What options are available if a school district is not implementing your child's IEP? Some parents find themselves in the unfortunate situation of having fought for their child's educational rights and obtained appropriate services for their child, only to have the school subsequently fail to implement those services.
Following the determination of an appropriate educational placement, there will likely be a discussion regarding the related services which a student may require. This is another area which can be confusing for parents, given the wide variety of specific related services. Below is a brief outline of possible related services which a student's unique needs may allow them to qualify for:
There is no denying the sharp increase in Attention Deficit Hyperactivity Disorder (ADHD) diagnosis over the past few decades. Parents, teachers, and other professionals often argue over issues like drug treatment and proper special education services.
Determining the supports and services required to satisfy a student's unique needs can be a difficult process. Under the Individuals with Disability Education Act (IDEA), schools have a duty to "consider the communication needs of the child" and "consider whether the child needs assistive technology (AT) devices and services." If you believe that your child may benefit from supportive services such as AT or Augmentative and Alternative Communication (AAC) devices, request an AT or AAC evaluation in writing.
You may be thinking about enrolling your child into a charter school. Parents in a parent group you're in, or maybe even friends or family have their children in charter schools, and they rave about how well those kids are doing. Charter schools can boast smaller learning environments, better teacher to student ratio, smaller campuses and more teacher and staff availability to parents. All of these things are great, and they do work out very well for some students. However, you may be wondering if the charter school route is right for your child, who is enrolled in special education.
With the passage of Assembly Bill 114 ("AB 114") on June 30, 2011, Local Educational Agencies (LEAs) have been responsible for the provision of mental health services as part of a students' special education and related services. Previously, county mental health providers had the responsibility to provide such services and in the 10 months since LEAs have been providing these services, mental health services have evolved to have a minimal presence in the special education setting.
Students diagnosed with Autism Spectrum Disorders can be eligible for special education services through their local school districts under the criteria of Autism. School districts have recently faced a strain on providing special education related services and supports with nation-wide budget cuts. It is expected that this budget will become even more strained as children diagnosed with Autism has recently grown.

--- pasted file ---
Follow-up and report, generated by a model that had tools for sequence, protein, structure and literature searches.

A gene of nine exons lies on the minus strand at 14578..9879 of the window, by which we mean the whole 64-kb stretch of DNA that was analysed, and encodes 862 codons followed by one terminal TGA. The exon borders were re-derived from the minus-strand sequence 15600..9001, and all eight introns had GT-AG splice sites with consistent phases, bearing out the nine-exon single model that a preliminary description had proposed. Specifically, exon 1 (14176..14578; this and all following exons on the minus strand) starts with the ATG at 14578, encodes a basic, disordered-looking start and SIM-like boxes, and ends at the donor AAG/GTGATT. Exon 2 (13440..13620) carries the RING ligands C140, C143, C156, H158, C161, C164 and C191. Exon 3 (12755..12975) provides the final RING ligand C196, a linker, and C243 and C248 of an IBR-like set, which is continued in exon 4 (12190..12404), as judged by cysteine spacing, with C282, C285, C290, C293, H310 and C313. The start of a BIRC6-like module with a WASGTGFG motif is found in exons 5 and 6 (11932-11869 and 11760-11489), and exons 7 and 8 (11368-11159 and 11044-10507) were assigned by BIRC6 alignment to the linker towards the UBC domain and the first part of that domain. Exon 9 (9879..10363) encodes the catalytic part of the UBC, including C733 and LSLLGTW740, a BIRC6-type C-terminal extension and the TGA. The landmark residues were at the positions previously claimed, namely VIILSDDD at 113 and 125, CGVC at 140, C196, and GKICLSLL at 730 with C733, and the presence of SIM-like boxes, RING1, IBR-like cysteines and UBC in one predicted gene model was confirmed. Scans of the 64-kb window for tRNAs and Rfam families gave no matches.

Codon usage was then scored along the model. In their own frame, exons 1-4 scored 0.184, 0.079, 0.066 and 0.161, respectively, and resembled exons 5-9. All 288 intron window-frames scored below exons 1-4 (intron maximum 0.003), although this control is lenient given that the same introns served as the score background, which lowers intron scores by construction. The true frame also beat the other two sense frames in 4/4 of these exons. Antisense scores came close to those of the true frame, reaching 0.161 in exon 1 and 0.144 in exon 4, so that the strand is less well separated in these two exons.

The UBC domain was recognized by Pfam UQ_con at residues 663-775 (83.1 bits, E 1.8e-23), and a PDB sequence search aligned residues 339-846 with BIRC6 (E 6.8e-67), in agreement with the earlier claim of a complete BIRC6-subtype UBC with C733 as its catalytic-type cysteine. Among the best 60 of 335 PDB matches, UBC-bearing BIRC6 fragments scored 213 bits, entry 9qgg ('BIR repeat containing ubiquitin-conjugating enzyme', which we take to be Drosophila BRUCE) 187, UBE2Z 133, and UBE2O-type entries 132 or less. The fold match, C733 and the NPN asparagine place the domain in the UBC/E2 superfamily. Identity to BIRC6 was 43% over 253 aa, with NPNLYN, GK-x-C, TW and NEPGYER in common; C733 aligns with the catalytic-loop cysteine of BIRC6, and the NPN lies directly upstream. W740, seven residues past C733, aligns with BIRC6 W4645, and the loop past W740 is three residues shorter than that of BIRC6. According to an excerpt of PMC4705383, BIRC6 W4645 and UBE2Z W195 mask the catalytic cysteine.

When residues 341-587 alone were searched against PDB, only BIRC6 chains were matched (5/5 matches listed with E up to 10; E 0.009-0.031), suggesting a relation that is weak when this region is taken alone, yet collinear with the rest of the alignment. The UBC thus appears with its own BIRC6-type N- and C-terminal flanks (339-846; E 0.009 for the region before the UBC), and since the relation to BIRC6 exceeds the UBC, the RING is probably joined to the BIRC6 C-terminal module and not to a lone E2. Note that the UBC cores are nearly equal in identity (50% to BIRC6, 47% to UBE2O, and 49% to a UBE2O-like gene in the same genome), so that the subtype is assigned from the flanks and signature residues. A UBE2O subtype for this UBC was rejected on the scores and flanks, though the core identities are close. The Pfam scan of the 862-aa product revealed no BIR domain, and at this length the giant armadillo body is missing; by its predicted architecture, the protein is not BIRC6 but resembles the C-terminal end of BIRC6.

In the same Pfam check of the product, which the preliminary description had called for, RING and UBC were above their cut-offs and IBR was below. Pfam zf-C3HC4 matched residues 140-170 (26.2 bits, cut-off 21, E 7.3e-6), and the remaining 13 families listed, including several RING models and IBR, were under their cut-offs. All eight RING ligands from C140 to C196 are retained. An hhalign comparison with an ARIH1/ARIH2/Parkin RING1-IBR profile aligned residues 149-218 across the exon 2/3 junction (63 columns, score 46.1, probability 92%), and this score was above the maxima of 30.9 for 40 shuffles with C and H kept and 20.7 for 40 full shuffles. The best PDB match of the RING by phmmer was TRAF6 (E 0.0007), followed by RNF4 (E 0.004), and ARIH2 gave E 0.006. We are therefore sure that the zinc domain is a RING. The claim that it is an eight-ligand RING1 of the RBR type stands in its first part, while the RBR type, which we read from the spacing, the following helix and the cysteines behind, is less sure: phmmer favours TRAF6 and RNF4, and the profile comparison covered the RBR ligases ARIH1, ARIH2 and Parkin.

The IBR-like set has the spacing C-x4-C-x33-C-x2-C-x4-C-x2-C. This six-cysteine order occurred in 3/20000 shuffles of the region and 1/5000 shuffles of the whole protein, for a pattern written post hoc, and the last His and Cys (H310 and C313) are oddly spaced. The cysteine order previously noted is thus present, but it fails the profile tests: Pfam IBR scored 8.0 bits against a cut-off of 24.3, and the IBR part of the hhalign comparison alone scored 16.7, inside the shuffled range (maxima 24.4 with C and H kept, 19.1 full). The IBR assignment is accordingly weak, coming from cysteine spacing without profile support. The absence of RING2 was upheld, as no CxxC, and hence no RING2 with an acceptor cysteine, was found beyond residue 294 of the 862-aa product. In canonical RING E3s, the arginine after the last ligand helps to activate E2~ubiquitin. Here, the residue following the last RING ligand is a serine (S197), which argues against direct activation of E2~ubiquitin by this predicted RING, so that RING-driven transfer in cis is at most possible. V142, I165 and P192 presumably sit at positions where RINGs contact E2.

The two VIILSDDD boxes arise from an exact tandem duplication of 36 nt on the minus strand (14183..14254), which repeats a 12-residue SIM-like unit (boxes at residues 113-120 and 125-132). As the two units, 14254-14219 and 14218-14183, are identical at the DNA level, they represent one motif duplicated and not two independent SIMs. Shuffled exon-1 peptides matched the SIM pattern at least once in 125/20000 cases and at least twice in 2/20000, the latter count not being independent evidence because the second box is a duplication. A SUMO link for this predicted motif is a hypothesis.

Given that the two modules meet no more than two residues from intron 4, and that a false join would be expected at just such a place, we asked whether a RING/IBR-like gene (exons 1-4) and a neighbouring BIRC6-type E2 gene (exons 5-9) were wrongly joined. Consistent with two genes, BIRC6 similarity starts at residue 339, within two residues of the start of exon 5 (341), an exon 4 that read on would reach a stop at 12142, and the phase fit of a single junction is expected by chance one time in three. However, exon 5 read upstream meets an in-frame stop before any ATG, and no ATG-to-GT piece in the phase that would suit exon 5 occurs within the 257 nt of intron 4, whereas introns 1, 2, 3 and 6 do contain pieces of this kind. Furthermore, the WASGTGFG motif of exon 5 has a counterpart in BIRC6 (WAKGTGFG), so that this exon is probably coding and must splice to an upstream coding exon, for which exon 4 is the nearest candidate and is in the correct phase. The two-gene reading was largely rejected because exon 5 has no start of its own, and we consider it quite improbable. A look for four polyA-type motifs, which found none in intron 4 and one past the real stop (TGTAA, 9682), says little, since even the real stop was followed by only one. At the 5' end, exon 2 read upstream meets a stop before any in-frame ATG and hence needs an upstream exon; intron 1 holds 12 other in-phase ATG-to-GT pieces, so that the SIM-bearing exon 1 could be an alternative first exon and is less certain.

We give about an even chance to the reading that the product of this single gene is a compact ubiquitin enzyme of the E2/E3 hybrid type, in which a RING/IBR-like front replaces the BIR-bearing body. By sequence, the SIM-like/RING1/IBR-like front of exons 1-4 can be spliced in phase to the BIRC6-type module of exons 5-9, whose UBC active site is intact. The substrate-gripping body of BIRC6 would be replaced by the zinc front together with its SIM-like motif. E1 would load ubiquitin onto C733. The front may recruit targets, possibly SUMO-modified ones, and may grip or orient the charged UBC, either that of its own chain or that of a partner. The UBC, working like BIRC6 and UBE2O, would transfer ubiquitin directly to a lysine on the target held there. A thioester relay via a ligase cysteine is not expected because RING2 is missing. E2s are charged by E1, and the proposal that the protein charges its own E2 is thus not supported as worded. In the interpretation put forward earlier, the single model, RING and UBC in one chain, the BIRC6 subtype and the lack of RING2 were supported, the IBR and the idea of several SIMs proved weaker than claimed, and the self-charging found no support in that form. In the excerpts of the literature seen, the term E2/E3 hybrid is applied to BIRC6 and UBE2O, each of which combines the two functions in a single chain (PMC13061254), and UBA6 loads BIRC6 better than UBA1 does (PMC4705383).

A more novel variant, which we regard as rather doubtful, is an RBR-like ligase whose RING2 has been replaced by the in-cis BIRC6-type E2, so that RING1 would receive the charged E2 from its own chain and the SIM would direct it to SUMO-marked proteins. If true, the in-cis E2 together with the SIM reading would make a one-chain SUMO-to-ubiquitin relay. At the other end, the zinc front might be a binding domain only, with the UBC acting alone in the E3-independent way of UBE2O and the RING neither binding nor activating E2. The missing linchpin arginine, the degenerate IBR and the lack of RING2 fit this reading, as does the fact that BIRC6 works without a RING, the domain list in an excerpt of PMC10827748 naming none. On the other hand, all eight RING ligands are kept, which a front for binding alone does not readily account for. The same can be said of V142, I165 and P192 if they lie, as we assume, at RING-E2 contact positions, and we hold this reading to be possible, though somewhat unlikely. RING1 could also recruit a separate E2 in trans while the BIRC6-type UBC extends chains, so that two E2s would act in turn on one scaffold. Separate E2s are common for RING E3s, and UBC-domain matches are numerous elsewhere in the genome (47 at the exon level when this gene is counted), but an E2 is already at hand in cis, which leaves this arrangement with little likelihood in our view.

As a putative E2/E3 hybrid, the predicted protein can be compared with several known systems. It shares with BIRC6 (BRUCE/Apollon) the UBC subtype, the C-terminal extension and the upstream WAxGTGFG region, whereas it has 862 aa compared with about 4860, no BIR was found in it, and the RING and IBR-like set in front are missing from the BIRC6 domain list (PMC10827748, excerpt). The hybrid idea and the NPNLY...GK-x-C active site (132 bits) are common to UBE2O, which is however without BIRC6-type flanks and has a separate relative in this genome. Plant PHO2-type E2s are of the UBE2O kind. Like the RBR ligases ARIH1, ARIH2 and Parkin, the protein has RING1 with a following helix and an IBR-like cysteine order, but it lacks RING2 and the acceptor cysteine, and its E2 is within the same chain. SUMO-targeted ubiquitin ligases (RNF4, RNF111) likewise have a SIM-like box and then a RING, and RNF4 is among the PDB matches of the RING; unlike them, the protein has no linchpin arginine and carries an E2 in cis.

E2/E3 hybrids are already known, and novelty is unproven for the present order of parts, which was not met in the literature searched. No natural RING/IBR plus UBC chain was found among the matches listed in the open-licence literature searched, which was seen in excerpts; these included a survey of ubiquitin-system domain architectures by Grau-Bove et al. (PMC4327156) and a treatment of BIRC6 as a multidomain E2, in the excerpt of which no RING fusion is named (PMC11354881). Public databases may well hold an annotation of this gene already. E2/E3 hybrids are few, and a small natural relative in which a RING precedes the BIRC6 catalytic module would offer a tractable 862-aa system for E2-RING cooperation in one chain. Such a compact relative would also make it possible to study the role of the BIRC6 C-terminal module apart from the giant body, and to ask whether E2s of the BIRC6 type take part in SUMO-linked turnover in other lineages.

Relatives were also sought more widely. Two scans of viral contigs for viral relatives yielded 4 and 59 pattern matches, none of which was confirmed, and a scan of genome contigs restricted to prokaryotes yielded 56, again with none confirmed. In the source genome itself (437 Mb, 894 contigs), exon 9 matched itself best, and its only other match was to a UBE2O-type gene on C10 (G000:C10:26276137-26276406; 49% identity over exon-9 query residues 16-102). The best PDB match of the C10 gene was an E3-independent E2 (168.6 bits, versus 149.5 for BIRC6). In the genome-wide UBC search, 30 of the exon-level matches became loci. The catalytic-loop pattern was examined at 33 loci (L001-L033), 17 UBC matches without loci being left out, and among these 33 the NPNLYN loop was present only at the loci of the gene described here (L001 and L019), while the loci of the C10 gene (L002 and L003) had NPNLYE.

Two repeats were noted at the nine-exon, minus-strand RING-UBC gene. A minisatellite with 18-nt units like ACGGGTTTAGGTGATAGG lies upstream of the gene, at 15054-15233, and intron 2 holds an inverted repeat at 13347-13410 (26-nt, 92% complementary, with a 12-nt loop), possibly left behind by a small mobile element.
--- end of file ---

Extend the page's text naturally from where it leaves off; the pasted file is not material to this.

Angelman Syndrome ("AS") is a genetic disorder that causes developmental disabilities and neurological problems, such as difficulty speaking, balancing and walking and, in some cases, seizures. Frequent smiles and outbursts of laughter are common for people with AS, and many have happy, excitable personalities.
Students diagnosed with Autism Spectrum Disorders or Attention Deficit Hyperactivity Disorder (ADHD) are sometimes recommended to wear weighted vests by their occupational therapists. For children eligible for special education services, these weighted vests coupled with related services, such as occupational therapy have been known to reduce certain types of hyperactive or sensory seeking behaviors. But why would a weighted vest have any effect on a child's behaviors?
The San Francisco Chronicle reported on December 8, 2011 that the city of San Mateo recently paid a family $55,000 due to a police officer pepper spraying their son. The child in question was a 7 year old boy enrolled in a special-day class at George Hall Elementary. He had been receiving special education and related services due to his multiple disabilities including dyslexia, anxiety as well as social skills and learning deficits. On the day in question, the student had climbed up onto a bookshelf at school and was refusing to come down. The San Mateo police were called and the responding police officer decided to pepper-spray the 7 year old to get him to come down.